Dorothy Stopford was born in Dublin on the 9th of September 1890 to Jemmett and Constance Stopford. Her father was employed by the British civil service in Dublin and her mother was the daughter of the master of the Rotunda hospital. The family were well connected in the Church of Ireland and enjoyed a comfortable lifestyle. In 1902, Dorothy's father died of typhoid fever and the family relocated to London where Dorothy attended St Paul's school for girls.
In 1915 Dorothy returned to Ireland to study medicine at Trinity College. This meant that she was in Dublin during the 1916 Easter Rising. Though she was staying with a British Administrator in the Phoenix Park, Dorothy became increasingly sympathetic to the Irish Nationalist cause. Her sympathies were most likely influenced by her aunt Alice Stopford-Green who was an outspoken figure in London society on the subject of colonial abuses in Africa.
Dorothy graduated in medicine in 1922 and moved to Cork where she worked in the Kilbrittain Dispensary. Whilst in this role, she became the medical officer to the local branch of the IRA. She resigned from her post in Cork in 1925 when she married a barrister named Liam Price and moved back to Dublin where the pair lived on Fitzwilliam Square. She took up a post in St Ultan's Hospital for infants. She would also go on to work in the Baggot Street Hospital. Dorothy began to study the BCG, which was the vaccination for tuberculosis, a pulmonary disease which had a devastating effect upon the people of Ireland. She studied the use of the vaccine in Europe and pioneered the introduction of the BCG to Ireland. In 1949 the National BCG centre was set up in St Ultan's and Dorothy was appointed as chairman. Her contributions to the control of TB in Ireland saw Dorothy being nominated for the Leon Bernard prize by the World Health Organisation. She became the consulting physician to the Royal National Hospital for Consumptives.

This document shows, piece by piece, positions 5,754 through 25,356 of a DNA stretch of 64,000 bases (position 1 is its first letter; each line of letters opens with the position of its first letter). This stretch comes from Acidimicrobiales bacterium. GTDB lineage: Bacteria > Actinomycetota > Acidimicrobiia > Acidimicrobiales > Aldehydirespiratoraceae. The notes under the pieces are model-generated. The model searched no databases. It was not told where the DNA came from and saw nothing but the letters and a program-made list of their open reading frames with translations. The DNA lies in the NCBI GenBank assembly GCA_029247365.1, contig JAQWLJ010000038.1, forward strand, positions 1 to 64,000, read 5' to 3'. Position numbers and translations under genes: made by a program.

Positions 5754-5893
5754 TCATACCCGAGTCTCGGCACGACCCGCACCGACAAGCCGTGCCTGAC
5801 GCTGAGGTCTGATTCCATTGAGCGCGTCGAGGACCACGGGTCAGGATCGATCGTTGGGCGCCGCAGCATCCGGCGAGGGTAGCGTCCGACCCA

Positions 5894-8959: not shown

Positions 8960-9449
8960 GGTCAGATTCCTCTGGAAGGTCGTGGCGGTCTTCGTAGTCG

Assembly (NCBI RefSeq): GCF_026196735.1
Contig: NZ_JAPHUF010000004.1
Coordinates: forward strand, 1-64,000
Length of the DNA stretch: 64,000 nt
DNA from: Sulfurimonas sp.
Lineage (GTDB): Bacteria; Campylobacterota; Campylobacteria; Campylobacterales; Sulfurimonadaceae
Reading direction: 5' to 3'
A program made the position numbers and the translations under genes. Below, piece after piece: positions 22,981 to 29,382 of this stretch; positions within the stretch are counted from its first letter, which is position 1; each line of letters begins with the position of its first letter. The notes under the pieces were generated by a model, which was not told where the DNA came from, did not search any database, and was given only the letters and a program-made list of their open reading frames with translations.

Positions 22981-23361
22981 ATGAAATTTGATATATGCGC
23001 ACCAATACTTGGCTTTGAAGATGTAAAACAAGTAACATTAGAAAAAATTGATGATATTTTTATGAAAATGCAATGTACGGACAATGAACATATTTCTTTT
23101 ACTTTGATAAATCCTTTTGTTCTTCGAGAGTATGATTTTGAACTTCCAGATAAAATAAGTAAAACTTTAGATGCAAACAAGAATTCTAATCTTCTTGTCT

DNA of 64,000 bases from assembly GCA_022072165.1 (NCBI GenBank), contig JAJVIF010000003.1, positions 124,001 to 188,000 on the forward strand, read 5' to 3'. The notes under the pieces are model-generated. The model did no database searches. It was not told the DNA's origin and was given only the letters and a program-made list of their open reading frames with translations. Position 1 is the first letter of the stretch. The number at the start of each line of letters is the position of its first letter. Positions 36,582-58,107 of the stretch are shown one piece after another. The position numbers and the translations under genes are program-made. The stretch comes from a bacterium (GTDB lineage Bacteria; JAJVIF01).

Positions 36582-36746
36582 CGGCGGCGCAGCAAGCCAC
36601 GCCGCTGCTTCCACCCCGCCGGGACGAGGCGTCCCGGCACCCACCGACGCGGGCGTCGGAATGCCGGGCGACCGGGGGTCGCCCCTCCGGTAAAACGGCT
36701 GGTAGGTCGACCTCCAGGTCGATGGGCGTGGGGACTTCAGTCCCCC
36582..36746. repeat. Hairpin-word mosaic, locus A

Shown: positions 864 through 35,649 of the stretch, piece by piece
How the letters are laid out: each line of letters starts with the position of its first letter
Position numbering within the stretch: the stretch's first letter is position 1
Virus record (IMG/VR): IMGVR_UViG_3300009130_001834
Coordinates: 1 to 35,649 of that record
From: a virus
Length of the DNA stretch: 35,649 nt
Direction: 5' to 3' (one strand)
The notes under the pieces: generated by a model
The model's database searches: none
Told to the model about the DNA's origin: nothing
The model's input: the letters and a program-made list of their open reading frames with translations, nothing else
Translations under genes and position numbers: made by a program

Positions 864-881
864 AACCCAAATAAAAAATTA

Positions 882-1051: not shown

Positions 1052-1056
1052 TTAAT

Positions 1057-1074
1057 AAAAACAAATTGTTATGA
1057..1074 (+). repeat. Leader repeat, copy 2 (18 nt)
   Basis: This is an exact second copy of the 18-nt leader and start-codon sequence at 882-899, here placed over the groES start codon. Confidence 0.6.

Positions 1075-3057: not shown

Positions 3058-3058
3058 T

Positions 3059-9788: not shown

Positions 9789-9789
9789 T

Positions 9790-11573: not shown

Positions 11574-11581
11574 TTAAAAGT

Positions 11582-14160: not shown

Dr Dorothy Stopford Price died of a stroke on the 30th of January 1954. Her medical diaries are held by the Royal College of Physicians of Ireland.
|Date of Birth||9th Sep 1890|
|Date of Death||30th Jan 1954|
|Townland born||Birth registered as 'Eleanor' Stopford, and place of birth 'Newstead', Roebuck townland, (Taney civil parish) Newstead house was at the location later occupied by Philips Electronics, and now part of University College Dublin.||VIEW SOURCE|
|Biography and Diaries||Ireland||VIEW SOURCE|